Usually we zip-tie a small plastic baby Jesus (like one you might bake into a Mardi Gras cake), or the Rubber Iguana of Good Fortune, or some other “lucky charm” to the sediment trap before we deploy it. A little luck is entirely necessary: as soon as the sediment trap sinks several hundred meters and settles into the chilly bottom of the Antarctic ocean, we abandon it. Exactly one year later, we return to the same spot, push a button, and keep our fingers crossed in the hopes that, by some miracle of science, technology, and/or our plastic talismen, the trap will bob to the surface… at which point we can welcome our poor little forsaken trap into our loving, open arms. Or at least our loving, open nets and grappling hooks. Communication with the trap after twelve months underwater is a little like trying to contact intelligent life on an alien planet.

In case you’re wondering: the sediment trap is basically a large funnel (see picture) intended to capture plankton poop and other small things on their merry way to the bottom of the sea. Below the funnel is a ring of bottles, which rotates so that only one bottle is collecting samples during a given time period. That way we can dig through the bottles and figure out how productive a particular month is. During, say, February (the middle of southern-hemisphere summer) when it is relatively warm and everyone in the sea is awake and active and at their pooping-est, you might correctly guess that our sediment bottles are a good bit more full than, say, the wintertime bottles. There are lots of nuances, of course (scientists LOVE nuances!), but that’s more or less the pattern.

My job today consisted of:

1. waking up at midnight. My 12-hour shift normally begins at 4am, which is already WAY too early. Good thing there is daylight 24 hours a day during the summer down here.

2. being present for the Pushing-of-the-Release-Button, and then keeping an eye out for the bright yellow buoys attached to the trap. For being first to spot the trap, I won 50 bucks! I am the champ of trap-spotting. I also won two years ago, and last year, when I was not on the boat, the trap failed to release and remained forever at the bottom of the ocean. It is clear that I am critical to mission success. Right?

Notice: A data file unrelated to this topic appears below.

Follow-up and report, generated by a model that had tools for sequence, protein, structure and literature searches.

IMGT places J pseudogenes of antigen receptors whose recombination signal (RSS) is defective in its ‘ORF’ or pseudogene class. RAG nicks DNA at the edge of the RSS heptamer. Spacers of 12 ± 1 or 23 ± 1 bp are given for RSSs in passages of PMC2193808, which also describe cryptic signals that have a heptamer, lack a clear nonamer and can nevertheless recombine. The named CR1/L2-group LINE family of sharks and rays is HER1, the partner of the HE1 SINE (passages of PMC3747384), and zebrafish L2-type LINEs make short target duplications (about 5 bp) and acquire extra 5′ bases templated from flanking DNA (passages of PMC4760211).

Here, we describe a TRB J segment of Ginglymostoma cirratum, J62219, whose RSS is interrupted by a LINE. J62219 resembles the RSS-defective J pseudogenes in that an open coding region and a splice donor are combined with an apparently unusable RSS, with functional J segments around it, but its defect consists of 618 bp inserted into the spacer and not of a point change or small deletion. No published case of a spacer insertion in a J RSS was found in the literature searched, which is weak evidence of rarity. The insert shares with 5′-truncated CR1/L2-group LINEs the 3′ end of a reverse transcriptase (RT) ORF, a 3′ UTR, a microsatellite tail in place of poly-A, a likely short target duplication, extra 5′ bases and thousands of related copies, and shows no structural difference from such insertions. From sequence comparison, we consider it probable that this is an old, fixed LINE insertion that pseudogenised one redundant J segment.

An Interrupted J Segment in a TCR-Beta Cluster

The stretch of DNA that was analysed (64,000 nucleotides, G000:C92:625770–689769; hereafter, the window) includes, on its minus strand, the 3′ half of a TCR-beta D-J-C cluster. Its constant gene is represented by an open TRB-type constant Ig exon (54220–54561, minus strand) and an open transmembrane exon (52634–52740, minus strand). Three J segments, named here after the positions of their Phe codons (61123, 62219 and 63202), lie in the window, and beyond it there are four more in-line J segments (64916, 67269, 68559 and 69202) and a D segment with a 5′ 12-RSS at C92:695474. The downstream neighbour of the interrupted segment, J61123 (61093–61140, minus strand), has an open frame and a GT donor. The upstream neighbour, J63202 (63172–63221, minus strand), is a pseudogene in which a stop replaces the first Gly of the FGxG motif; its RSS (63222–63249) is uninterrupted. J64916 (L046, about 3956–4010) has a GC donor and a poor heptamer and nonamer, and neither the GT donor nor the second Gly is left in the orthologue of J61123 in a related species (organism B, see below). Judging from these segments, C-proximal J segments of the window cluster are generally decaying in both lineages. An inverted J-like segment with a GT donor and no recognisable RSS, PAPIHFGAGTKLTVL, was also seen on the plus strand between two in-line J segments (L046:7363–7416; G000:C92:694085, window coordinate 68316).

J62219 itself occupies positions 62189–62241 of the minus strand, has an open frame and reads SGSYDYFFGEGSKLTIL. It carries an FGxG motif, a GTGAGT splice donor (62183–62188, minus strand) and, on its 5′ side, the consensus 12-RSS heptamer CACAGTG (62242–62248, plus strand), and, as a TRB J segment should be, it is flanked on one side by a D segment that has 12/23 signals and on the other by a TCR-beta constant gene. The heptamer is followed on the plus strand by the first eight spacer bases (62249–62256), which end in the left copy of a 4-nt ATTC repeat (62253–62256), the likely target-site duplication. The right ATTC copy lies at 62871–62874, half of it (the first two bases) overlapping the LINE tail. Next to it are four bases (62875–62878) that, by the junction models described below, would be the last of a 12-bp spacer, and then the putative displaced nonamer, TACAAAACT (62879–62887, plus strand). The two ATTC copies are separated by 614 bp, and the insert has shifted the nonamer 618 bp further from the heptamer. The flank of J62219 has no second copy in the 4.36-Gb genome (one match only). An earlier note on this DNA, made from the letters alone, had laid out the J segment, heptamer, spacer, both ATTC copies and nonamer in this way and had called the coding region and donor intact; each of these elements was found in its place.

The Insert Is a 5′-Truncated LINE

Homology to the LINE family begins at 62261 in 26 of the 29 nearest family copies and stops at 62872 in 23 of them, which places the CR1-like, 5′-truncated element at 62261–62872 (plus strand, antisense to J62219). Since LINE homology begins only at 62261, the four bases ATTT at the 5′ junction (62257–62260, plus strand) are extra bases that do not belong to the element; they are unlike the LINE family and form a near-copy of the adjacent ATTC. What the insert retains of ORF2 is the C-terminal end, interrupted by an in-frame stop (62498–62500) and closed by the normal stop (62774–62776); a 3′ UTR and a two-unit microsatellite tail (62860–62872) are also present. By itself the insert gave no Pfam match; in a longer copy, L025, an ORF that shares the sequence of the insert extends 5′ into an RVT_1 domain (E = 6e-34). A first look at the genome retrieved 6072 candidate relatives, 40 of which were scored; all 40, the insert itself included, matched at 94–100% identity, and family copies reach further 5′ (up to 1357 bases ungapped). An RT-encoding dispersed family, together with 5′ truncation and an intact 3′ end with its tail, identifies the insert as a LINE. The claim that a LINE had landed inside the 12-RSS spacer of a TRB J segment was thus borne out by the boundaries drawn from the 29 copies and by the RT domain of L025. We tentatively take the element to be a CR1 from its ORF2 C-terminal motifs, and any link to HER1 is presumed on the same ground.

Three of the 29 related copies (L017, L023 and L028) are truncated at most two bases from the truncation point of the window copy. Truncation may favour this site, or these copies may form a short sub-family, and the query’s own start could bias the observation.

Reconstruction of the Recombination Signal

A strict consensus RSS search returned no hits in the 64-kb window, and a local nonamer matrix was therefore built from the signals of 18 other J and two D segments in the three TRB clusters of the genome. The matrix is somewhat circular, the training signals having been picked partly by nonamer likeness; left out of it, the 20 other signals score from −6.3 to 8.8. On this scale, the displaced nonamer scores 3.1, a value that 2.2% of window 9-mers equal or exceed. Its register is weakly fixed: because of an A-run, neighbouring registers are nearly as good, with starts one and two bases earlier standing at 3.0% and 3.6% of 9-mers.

3. pulling aboard and cleaning the trap. Anything that has been living in the briny deep for a year has a certain… perfume… that stings your nose in a not-completely-unpleasant way. Because I am a returning veteran, I got to stand by with the hose while the new kids scrubba-dub-dubbed. Suckers!

4. disassembling, downloadin’ data from, reassembling, and reprogramming the trap so that its bottles rotate at the appropriate date and time. Don’t be too impressed… I had an instruction manual.

5. TATTOOING THE TRAP! The chief scientist handed me a giant Sharpie and told me to go to town. So I drew a huge anchor and a banner reading “H#LL-BENT ON SEDIMENT” (see picture)

6. redeploying the trap… and down it goes for another twelve months. Godspeed, lil trap. You’ve done good work this year.

The day couldn’t be lovelier: a big chain of mountainous islands in the distance, bright blue skies, and a balmy -2.1 degrees. (again, see picture, and note that the Marine Tech on the left is not wearing a jacket because he is “from Alaska” and “it’s nice out, guys, shut up.”)

Is it time for bed yet?

18:42, January 12th

In honor of Inauguration Day, we decided to name an upcoming sampling site OBAMA (Ocean Biology and Antarctic Marine Analysis, or something cheesy like that).

Turns out, one of the scientists on board is friends with Obama’s new science advisor, and sent him an email about OBAMA.  The response was as follows: the President will love this.  Send us more info.

We are all completely dorking out, fretting over what to say in our must-be-perfect one-page memo to the Obama Administration.  Suggestions?